Dollar slide worries JCC
The Jamaica Chamber of Commerce (JCC) has said it is concerned about the pace of the devaluation of the Jamaican dollar.
In a media release issued yesterday, the JCC stated: "At January 1, 2016, the average rate was US$1 to J$120.24. At May 19, 2016, this had declined to US$1=J$125.33, representing a decline of 4.2 per cent since the beginning of the year. This, compared to a decline of 4.2 per cent for all 2015 (from US$1=J$115.32 at the beginning of January 2015 to J$120.24 at the end of the year) is, in our view, cause for concern."
The JCC continued: "Jamaicans were advised by the authorities at the end of 2015 that the exchange rate of approximately 120:1 was a competitive one, with respect to our main trading partners. In that context - and in light of the fact that our inflation rate has been below three per cent for the 12-month period ending on May 19, 2016 has remained under three per cent and our Net International Reserves showing a healthy US$2.4 billion - there seems little apparent reason why the pace of devaluation has increased."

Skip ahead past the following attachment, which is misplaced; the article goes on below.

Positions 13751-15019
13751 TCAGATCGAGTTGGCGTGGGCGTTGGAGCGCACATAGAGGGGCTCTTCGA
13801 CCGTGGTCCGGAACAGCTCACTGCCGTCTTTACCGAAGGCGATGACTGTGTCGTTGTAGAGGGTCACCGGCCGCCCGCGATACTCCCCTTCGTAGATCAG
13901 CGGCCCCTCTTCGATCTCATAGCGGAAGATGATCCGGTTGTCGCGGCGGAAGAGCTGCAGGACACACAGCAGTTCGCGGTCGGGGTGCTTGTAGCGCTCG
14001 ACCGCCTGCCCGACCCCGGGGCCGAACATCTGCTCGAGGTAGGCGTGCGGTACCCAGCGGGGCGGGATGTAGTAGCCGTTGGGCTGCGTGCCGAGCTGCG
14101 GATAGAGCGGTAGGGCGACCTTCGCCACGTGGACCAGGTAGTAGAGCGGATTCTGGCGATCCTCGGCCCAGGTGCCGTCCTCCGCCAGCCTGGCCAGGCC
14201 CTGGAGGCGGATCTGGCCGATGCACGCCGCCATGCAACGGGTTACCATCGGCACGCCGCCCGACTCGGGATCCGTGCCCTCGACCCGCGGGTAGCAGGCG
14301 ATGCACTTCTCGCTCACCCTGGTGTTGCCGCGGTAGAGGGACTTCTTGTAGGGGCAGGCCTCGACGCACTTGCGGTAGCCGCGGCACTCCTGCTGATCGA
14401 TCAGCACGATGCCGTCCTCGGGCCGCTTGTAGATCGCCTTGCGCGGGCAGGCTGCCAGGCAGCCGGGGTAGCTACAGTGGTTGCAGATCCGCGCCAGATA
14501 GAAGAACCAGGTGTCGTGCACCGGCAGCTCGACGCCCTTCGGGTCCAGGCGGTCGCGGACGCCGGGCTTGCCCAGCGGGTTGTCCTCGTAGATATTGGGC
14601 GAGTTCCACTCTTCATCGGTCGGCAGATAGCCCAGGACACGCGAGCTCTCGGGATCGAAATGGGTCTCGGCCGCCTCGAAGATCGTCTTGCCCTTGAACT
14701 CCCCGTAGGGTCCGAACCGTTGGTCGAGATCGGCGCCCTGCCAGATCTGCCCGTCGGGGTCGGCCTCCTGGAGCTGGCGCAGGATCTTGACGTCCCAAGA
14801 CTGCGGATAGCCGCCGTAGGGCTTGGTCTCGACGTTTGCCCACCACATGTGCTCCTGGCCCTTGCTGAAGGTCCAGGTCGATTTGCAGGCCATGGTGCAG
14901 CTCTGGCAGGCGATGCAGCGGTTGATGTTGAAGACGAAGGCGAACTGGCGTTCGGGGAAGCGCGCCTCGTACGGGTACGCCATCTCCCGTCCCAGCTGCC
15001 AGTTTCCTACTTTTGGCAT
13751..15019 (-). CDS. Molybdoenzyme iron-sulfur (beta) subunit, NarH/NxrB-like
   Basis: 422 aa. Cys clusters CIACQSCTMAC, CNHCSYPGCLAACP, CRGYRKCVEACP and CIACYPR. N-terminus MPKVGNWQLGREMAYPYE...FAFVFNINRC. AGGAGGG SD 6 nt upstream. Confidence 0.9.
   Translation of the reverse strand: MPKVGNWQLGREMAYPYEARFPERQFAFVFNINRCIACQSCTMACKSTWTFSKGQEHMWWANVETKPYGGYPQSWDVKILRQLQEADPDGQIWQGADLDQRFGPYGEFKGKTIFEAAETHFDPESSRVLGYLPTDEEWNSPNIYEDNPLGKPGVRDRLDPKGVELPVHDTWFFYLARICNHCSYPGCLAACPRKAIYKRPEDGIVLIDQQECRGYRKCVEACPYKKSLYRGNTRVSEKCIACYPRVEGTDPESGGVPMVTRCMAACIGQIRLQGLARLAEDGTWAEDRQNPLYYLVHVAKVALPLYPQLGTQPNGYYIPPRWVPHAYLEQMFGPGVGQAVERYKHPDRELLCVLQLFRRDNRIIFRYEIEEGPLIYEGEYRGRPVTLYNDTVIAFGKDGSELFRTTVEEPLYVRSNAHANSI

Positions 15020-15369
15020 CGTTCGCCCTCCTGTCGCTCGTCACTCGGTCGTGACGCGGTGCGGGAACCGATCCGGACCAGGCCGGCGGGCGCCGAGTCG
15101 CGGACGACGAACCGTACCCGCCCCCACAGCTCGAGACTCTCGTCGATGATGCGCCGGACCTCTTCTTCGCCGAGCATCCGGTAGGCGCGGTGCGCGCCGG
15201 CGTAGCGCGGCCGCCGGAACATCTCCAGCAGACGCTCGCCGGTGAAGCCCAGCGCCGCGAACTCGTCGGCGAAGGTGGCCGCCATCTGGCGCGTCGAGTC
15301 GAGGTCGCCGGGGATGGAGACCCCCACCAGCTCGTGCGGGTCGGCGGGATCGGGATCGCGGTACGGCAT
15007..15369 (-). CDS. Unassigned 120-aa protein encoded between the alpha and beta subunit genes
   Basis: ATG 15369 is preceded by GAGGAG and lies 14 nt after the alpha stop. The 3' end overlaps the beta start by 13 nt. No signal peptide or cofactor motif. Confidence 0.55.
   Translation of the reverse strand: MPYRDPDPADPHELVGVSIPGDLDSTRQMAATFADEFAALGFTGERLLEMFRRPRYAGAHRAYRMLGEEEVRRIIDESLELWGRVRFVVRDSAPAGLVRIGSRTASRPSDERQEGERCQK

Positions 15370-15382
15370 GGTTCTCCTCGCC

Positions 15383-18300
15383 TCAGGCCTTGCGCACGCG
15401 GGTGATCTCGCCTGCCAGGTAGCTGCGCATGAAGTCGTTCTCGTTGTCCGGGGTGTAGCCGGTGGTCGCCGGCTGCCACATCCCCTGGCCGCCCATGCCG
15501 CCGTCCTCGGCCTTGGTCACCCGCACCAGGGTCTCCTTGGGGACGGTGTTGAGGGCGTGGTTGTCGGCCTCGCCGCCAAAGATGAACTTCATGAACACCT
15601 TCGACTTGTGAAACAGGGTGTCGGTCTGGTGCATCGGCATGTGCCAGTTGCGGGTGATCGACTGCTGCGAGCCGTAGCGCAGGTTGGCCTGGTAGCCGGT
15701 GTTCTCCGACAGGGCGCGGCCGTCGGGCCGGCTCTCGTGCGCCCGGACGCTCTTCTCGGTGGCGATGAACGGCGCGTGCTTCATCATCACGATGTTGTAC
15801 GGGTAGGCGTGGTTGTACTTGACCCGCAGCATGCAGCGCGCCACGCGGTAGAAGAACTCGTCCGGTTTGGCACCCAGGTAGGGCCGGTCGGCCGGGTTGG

The release concluded: "Our concern is that if this rate of devaluation is left unchecked, it could contribute to an erosion of confidence, which could in turn contribute to further devaluation, increased inflation and prove to be a damper on investments.
"The JCC is, therefore, calling on the BOJ (Bank of Jamaica) to play a more active role in the management of the exchange rate, including direct intervention, as a matter of urgency."